A place where ideas stir the waters of our mind.

Monday, February 16, 2015

Is Marijuana addictive?

For years, pro-marijuana lobbyists, users, and potheads have vociferously defended marijuana as non-addictive. Arguing that marijuana's non-addictive POTENTIAL made it a safe and relatively harmless substance, marijuana proponents have pushed for legalization and strong liberal protections for the medical use of marijuana.

But is it really non-addictive? 

The new Diagnostic and Statistical Manual of Mental Disorders (DSM-V) disagrees.

The new DSM-V which was released in 2013 includes 5 cannabis-associated disorders. These include:
  •  Cannabis Use Disorder (While the DSM-IV included separate categories for substance abuse and dependence, the DSM-V has included both abuse and dependence in its new cannabis use disorder.)
  •  Cannabis Intoxication
  •  Cannabis Withdrawal
Other cannabis related disorders include, Cannabis Intoxication Delirium, Cannabis Induced Psychotic Disorder, Cannabis Induced Anxiety Disorder and Cannabis Induced Sleep Disorder. From the DSM-V, it appears clear that the use of marijuana can be far from harmless.

How is Cannabis Use Disorder diagnosed?

Cannabis use disorder is defined as the following:
A problematic pattern of cannabis use leading to clinically significant impairment or distress, as manifested by at least 2 of the following, occurring within a 12-month period:

  • Cannabis is often taken in larger amounts or over a longer period than was intended.
  • There is a persistent desire or unsuccessful efforts to cut down or control cannabis use.
  • A great deal of time is spent in activities necessary to obtain cannabis, use cannabis, or recover from its effects.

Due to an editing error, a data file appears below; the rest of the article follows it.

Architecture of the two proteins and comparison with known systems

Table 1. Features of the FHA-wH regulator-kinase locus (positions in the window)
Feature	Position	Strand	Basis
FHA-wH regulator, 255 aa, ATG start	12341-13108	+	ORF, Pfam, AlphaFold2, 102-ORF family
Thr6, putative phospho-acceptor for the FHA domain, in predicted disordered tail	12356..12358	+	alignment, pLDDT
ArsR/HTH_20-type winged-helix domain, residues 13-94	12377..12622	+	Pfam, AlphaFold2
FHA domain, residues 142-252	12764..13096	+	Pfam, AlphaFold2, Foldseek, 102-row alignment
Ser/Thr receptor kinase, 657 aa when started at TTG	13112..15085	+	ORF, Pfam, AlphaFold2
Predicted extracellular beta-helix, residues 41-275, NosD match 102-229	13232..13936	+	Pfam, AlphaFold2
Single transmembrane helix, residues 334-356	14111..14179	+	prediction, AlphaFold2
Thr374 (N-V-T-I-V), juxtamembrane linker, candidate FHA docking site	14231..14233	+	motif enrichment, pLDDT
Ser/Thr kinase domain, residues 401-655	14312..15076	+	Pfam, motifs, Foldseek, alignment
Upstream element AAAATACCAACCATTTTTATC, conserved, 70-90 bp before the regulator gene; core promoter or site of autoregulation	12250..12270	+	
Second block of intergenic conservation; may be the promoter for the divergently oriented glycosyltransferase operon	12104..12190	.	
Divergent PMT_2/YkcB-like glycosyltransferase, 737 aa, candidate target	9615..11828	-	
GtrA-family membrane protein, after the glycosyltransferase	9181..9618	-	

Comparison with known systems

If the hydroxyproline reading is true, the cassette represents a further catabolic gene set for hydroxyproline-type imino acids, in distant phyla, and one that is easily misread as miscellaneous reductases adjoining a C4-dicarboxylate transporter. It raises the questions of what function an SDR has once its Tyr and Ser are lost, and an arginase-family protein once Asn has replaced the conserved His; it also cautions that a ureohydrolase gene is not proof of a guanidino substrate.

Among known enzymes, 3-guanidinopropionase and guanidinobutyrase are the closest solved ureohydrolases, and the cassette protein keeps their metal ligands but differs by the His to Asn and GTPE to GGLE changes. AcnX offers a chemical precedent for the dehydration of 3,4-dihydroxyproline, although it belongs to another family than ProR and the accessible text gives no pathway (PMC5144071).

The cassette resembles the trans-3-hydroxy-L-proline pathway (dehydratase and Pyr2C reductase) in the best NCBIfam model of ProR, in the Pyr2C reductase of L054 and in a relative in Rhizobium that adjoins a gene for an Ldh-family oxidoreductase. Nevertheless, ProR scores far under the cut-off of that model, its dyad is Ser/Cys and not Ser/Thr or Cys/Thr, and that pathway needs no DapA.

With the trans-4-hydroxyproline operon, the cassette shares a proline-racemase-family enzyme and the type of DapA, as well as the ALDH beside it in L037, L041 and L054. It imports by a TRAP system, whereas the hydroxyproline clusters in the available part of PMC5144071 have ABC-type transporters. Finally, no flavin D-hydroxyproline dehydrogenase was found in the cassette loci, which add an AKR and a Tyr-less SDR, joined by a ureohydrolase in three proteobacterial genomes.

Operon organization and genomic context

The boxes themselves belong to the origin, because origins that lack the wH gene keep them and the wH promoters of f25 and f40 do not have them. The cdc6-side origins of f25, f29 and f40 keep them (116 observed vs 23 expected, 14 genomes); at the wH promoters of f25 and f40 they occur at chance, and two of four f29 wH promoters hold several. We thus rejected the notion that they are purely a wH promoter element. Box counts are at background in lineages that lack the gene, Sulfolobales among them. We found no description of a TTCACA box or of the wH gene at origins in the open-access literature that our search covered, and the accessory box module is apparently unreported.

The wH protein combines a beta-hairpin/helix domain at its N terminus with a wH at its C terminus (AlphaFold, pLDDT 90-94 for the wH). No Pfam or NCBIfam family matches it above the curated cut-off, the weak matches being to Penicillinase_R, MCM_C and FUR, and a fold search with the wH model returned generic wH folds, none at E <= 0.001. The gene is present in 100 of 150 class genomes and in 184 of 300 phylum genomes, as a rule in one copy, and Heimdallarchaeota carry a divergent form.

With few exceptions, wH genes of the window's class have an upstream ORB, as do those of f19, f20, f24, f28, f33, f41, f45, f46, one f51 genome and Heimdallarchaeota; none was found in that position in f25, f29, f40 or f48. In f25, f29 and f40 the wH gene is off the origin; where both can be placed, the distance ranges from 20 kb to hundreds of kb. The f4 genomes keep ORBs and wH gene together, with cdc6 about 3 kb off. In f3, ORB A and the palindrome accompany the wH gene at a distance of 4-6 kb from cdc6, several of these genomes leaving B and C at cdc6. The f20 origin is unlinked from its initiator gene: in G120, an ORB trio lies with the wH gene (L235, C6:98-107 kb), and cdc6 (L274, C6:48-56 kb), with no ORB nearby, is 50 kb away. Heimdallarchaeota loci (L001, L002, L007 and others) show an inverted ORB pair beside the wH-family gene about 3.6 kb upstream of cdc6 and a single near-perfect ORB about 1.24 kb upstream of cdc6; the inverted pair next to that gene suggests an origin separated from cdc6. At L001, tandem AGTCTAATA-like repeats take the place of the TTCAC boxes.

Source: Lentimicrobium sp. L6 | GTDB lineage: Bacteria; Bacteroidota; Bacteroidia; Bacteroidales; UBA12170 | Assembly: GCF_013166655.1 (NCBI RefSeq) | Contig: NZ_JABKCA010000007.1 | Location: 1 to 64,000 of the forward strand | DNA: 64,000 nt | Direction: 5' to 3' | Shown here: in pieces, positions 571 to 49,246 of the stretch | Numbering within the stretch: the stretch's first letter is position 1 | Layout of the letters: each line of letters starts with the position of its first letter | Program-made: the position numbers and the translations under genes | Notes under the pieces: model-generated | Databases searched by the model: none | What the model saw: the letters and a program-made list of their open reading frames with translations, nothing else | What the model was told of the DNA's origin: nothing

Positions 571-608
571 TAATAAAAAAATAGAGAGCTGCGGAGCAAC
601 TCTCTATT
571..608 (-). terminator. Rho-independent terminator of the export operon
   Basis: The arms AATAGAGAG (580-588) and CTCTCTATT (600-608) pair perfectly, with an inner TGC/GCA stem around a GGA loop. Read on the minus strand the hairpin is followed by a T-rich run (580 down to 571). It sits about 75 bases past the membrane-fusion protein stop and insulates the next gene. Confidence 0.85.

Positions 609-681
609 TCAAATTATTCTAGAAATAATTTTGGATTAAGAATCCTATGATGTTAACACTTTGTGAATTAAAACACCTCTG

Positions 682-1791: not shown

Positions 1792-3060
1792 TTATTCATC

• Craving, or a strong desire or urge to use cannabis.
  • Recurrent cannabis use resulting in a failure to fulfill major role obligations at work, school, or home.
  • Continued cannabis use despite having persistent or recurrent social or interpersonal problems caused or exacerbated by the effects of cannabis.
  • Important social, occupational, or recreational activities are given up or reduced because of cannabis use.
  • Recurrent cannabis use in situations in which it is physically hazardous.
  • Cannabis use is continued despite knowledge of having a persistent or recurrent physical or psychological problem that is likely to have been caused or exacerbated by cannabis.
  • Tolerance, as defined by either a (1) need for markedly increased cannabis to achieve intoxication or desired effect or (2) markedly diminished effect with continued use of the same amount of the substance.
  • Withdrawal, as manifested by either (1) the characteristic withdrawal syndrome for cannabis or (2) cannabis is taken to relieve or avoid withdrawal symptoms

In my years of working in this field, I've always known that addiction is characterized by tolerance, withdrawal, the disruption of normal psycho-social and relational functioning. These are the kinds of issues that are discussed in typical intake interviews and bio-psycho-social assessments. In looking at the co-occurring issues that must be present in a diagnosis of Cannabis Abuse Disorder, one can clearly see a similarity between harmful use of marijuana and other drugs.